Decision filed 10/23/01. The text of this decision may be changed or corrected prior to the filing of a Petition for Rehearing or the disposition of the same.
|THE PEOPLE OF THE STATE OF ILLINOIS,
|Appeal from the
Circuit Court of
JUSTICE KUEHN delivered the opinion of the court:
This is another case where unthinkable criminal acts drew a severe prison sentence, punishment incapable of actual imposition in the absence of a judicial finding that the effort at murder was accompanied by exceptionally brutal or heinous behavior indicative of wanton cruelty. Once again, we are called upon to examine how the constitutional rule promulgated in Apprendi v. New Jersey limits the statutory machinery established for the imposition of extended-term punishment under Illinois law. See Apprendi v. New Jersey, 530 U.S. 466, 147 L. Ed. 2d 435, 120 S. Ct. 2348 (2000).
The defendant does not appeal from the determination of his guilt.
In broad daylight, and for no known reason, the defendant donned a ski mask to conceal his identity and savagely assaulted a complete stranger. To his misfortune, John Potter was the defendant's random prey. Stunned by the frenetic attack, Potter pleaded with the defendant to relent. His cries for help drew onlookers whose presence provoked the defendant's withdrawal. However, Potter was left severely wounded. He suffered unkind cuts to his face, neck, and chest. These bloody by-products of repeated thrusts of a butcher knife's blade into vital body parts placed Potter's life in peril. Fortunately, he survived.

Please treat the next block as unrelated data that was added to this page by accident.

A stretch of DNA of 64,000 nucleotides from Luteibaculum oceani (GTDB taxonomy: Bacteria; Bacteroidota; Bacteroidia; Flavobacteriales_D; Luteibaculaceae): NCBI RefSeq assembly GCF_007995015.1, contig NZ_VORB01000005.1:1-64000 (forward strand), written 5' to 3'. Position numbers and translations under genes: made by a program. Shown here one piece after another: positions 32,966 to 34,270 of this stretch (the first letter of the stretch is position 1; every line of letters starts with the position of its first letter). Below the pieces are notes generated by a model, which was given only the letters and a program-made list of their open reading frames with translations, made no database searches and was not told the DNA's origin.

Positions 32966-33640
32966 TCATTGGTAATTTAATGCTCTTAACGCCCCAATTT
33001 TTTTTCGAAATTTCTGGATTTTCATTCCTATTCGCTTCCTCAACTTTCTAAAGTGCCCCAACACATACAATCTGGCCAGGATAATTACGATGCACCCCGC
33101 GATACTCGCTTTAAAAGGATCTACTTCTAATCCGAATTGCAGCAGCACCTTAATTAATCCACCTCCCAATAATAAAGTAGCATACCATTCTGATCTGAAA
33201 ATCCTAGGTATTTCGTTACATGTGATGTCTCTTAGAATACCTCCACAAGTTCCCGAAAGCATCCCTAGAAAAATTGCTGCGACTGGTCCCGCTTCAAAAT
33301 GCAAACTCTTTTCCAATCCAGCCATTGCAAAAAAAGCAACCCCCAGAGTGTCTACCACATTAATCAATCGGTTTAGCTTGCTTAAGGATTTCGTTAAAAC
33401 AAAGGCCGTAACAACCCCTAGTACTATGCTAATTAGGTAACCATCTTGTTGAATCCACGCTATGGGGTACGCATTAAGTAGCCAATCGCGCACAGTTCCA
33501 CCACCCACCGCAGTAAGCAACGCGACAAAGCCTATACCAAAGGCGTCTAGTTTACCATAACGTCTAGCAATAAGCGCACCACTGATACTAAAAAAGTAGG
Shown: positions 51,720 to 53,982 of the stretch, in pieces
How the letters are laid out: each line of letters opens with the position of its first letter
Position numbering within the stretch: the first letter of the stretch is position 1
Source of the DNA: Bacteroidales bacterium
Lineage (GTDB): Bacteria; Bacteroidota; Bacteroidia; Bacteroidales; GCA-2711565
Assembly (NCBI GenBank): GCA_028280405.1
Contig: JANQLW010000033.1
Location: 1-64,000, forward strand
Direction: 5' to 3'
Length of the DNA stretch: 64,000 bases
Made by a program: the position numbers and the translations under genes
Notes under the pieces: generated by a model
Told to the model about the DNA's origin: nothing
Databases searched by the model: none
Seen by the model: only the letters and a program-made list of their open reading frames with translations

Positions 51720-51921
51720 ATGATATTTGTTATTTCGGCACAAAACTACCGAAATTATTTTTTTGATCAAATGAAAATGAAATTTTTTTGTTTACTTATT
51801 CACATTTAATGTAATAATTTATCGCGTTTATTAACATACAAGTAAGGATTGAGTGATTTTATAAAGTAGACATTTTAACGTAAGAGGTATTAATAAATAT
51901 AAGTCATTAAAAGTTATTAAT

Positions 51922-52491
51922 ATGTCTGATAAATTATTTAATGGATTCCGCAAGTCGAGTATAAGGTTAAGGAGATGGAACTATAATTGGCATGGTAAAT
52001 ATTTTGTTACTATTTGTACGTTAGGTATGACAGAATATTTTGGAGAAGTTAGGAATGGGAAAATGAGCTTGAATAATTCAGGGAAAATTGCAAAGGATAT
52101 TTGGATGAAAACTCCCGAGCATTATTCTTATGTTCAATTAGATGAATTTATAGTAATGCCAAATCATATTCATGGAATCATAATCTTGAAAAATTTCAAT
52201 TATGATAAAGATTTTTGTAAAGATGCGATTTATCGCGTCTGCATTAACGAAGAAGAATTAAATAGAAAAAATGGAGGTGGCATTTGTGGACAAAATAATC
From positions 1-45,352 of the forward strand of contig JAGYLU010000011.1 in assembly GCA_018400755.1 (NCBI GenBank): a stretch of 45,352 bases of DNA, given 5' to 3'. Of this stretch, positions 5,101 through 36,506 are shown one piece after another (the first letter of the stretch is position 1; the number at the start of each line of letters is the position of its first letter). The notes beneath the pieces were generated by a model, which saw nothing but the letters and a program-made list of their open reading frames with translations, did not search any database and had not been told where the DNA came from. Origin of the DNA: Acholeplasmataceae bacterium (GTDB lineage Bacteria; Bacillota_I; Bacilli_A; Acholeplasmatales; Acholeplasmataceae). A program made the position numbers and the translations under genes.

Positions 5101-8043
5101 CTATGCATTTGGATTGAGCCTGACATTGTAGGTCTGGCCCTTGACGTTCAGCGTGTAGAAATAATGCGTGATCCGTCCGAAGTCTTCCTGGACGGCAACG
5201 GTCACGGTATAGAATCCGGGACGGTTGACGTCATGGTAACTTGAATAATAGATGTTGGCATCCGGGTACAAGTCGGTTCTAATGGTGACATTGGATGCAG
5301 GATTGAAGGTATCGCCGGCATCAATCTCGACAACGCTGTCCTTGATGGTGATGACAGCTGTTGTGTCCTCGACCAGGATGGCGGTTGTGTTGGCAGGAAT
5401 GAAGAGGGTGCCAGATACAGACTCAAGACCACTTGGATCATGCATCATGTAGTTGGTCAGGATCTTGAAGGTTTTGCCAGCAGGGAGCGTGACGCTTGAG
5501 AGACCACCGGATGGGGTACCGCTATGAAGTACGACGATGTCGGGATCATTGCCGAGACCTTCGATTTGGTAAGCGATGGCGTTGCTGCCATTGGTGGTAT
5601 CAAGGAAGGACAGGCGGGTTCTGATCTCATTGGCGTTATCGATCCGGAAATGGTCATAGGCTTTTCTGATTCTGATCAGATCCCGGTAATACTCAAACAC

Following a bench trial, Judge Watt felt that the State had met its burden of proof, and he found the defendant guilty of attempted murder. He also found the defendant guilty on multiple counts of aggravated battery and on a charge of unlawful possession of a weapon by a felon.
Prior to the imposition of a sentence, Judge Watt announced his belief that the defendant's attempt at murder was accompanied by exceptionally brutal behavior indicative of wanton cruelty. Based upon this additional finding of fact, the sentencing statute afforded Judge Watt the option of imposing punishment greater than the maximum penalty otherwise available. Without the finding, the law authorized the imposition of a sentence no harsher than a 30-year prison term. 730 ILCS 5/5-8-1(a)(3) (West 1998). A 30-year prison sentence was the maximum sentence allowed, based solely upon those facts weighed under a reasonable doubt standard of proof.(1)